River Forecast Centers
The process of forecasting rivers begins with the forecast of the rainfall expected over a period of time. Staff meteorologists prepare a full 5 day precipitation forecast to monitor developing systems.
Every hour staff meteorologists analyze Doppler radar products with measured rainfall from the local gage networks to determine the best estimate of actual rainfall over the region. This estimated rainfall is combined with the 12 hour forecasted rainfall to give the hydrologists an estimate on how much water can be expected to reach a river.
Headwater River ModelingHeavy rainfall will impact any portion of the river, but the most sensitive areas during or immediately following rainfall are the small streams, tributaries, and headwaters that flow into the mainstem rivers. These watersheds react very quickly and cause hazardous flash flooding situations, however these waterways can recede just as fast as they rise creating short term flooding conditions.
Mainstem River ForecastingModeling river flow involves many pieces that must work together to create an accurate forecast. One such factor, soil moisture, is modeled to estimate how much of the rainfall will actually become runoff opposed to remaining in the soil. A second factor is the time it take for the runoff to reach gage 'A'.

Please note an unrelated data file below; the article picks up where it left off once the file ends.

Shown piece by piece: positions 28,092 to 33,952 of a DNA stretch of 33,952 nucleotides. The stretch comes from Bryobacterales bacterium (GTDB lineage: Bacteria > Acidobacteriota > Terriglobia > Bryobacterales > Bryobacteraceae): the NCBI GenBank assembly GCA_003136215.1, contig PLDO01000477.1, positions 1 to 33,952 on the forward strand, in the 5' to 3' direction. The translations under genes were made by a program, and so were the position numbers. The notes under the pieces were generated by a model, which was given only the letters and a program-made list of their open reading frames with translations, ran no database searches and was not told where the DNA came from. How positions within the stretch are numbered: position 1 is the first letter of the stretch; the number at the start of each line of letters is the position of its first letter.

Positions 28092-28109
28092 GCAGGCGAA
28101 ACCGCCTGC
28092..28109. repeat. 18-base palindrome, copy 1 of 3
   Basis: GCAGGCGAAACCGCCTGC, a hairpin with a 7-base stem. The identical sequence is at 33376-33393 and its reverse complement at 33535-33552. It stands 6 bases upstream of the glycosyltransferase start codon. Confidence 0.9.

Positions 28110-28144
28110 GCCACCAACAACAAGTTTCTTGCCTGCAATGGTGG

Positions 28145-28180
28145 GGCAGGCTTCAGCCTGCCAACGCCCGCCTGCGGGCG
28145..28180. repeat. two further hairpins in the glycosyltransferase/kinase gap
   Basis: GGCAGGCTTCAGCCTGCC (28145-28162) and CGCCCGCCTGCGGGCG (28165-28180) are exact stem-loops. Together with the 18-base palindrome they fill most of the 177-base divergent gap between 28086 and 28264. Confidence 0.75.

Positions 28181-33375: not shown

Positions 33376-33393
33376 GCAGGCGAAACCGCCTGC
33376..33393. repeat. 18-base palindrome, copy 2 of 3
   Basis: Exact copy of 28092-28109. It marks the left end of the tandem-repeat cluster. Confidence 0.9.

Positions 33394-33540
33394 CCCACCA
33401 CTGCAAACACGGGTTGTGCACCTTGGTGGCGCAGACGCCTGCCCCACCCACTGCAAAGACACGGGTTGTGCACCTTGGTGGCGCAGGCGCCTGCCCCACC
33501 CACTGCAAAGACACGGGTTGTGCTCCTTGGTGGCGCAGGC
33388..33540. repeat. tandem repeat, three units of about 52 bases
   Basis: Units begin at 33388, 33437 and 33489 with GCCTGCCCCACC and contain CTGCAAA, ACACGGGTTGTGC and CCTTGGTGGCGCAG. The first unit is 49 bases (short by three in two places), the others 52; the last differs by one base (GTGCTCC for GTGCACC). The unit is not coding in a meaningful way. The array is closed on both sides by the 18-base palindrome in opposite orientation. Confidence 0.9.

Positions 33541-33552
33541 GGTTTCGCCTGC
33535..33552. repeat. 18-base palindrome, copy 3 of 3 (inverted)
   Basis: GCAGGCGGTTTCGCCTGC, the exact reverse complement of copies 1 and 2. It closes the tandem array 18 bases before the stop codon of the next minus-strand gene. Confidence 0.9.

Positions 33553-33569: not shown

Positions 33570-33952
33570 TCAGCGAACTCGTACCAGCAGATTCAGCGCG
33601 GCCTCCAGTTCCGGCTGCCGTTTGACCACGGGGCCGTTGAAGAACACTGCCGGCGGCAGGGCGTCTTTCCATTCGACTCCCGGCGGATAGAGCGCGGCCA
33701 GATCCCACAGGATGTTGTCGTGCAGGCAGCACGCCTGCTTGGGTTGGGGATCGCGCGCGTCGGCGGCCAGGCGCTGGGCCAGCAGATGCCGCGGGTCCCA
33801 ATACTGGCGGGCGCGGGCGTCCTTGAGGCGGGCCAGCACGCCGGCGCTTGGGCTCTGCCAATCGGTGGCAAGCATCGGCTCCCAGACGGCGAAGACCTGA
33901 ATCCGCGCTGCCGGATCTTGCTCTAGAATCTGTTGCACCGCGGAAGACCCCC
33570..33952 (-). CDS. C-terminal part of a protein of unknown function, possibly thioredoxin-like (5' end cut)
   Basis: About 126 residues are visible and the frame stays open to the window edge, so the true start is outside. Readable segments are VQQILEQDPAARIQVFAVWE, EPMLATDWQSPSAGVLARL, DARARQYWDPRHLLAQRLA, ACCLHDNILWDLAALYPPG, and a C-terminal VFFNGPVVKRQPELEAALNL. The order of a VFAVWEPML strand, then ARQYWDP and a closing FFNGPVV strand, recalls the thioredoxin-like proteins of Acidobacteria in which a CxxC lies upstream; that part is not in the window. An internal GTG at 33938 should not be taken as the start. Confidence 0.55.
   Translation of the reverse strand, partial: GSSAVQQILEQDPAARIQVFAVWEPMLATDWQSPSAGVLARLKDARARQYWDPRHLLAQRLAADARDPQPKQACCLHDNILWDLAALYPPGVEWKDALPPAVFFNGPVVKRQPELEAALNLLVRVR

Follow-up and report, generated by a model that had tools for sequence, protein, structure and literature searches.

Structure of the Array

Once that is known, the water is routed to next gage (gage 'B') downstream to learn how much runoff and the time it takes to arrive. This flow then combines with the local runoff between gage 'A' and 'B' to create the forecast for gage 'B'. This process continues all the way downstream (e.g., 'A' to 'B', 'B' to 'C', 'C' to 'D', etc.).
Water releases operations from the various reservoirs by the Corps of Engineers, River Authorities, and Water Districts along rivers are also coordinated and incorporated into all forecasts. Additionally, the USGS provides accurate flow and stage observations during flood events for use with the forecasts.
Below is a map of the river forecast centers and their areas of responsibility. Click or select on image below or use drop down menu to go to any office.
The RFC provides hydrologic guidance for time scales that vary from hours (flash flood guidance and support to Local Flood Warning Systems), to days (traditional flood forecasts), to weeks (snowmelt forecasts), to months (seasonal water supply) seen in the figure below.
The RFCs are firmly committed to providing the best possible river forecast guidance to the customers. Improvements come in the form of expanded coverage and increased quality. Efforts are continuously underway to improve the process used to forecast flooding, spring snowmelt, and water supply volumes.